SICP Book Club: 4.2 - 4.4 (How Do Languages Expand Our Mind?)

A friend in Pittsburgh named Robbie turned me on to SICP in the first place. He would joke that he was into hipster languages. You know, Golang, Rust - nevermind, you've probably never heard of them. When we touched on functional programming in Pitt's computer science club, we joked that experimenting with FP would turn you into a programming hipster.

But let's be honest. Functional programming is way too mainstream to be hipster. "Uncool" languages like C++ and Java have been adding in functional features for years now. Of course, throwing in lamdas can't make Java functional, just like throwing in banjo (or removing banjo, as it were) can't make Mumford & Sons an interesting band.

Nevertheless, we programming hipsters must find higher, more authentic ground before the rising tide of enterprise software drowns us. As our real-world bretheren move from Williamsburg to Bushwick, from Berlin to Leipzig, from Wicker Park to Logan Square, programming hipsters adopt Clojure, Scala, Elixir, Rust.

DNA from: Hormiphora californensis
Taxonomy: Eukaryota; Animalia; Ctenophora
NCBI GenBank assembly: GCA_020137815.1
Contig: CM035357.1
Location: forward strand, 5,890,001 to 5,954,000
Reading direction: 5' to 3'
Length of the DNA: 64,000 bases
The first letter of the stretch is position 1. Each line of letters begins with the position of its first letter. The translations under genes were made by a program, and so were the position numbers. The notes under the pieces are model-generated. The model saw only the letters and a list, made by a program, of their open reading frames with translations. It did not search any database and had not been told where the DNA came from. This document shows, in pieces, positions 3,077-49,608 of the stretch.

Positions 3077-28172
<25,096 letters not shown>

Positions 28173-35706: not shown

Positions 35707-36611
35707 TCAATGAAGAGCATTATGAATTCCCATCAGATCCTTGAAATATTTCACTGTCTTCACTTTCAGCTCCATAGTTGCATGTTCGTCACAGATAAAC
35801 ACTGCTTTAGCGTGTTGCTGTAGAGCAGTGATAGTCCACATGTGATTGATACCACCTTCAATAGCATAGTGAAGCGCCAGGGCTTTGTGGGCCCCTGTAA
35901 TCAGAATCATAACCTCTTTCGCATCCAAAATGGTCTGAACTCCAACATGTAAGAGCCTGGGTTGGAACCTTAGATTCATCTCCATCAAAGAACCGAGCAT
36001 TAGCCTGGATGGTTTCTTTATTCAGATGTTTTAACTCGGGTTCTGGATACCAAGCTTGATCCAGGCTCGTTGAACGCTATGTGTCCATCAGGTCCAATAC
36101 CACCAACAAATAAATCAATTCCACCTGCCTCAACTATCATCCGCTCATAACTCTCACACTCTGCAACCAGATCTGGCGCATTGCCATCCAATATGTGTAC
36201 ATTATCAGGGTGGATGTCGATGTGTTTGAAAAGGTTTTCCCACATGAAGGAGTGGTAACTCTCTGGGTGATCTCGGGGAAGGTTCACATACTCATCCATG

But you know what's even cooler than new stuff? Old stuff, old programming paradigms. Reading through the back end of chapter four of SICP (cdr Chapter-4) is like looking through your Dad's attic and discovering that his collection of striped sweaters and Springsteen records is much cooler than your own wardrobe and music collection. As you rifle through Uncle Abelson and Uncle Sussman's old storage unit, you see such treasures as logic programming, nondeterministic programming, and lazy evaluation. "Inconceivable," you think. They sell this at Urban Outfitters for $90 a piece! But here it is, all for me! (In this analogy, Urban Outfitters is... Hacker News? Don't think so hard.)

So you strike out into the world transformed, your arms tattooed with sleeves of infinite delayed streams. You throw open the doors of the nearest startup and climb onto the ping-pong table during free beer and ecstasy hour. "Hello, I am a master Prolog programmer. I know you've been waiting for me. Don't worry, I'm willing to start for as little as $150,000, with equity of course." They offer you some stickers while someone in the corner sends a Slack DM to the security guard.

You find the door yourself. They don't know true art. I bet they mostly use C preprocessor macros. That's ok, you tell yourself. The real scene is underground. You attend seedy meetups under bridges, everyone huddled around a laptop on top of a construction cone to see the slides. Someone offers you a hit of the Actor pattern. You take it. You're in deep.

Your own family doesn't know how to talk to you at Thanksgiving. That's ok. It takes a true outsider to create something new. I'm glad I'm not one of them, you say, with their white picket fences, organic produce, and deep inheritance trees. I am an artist.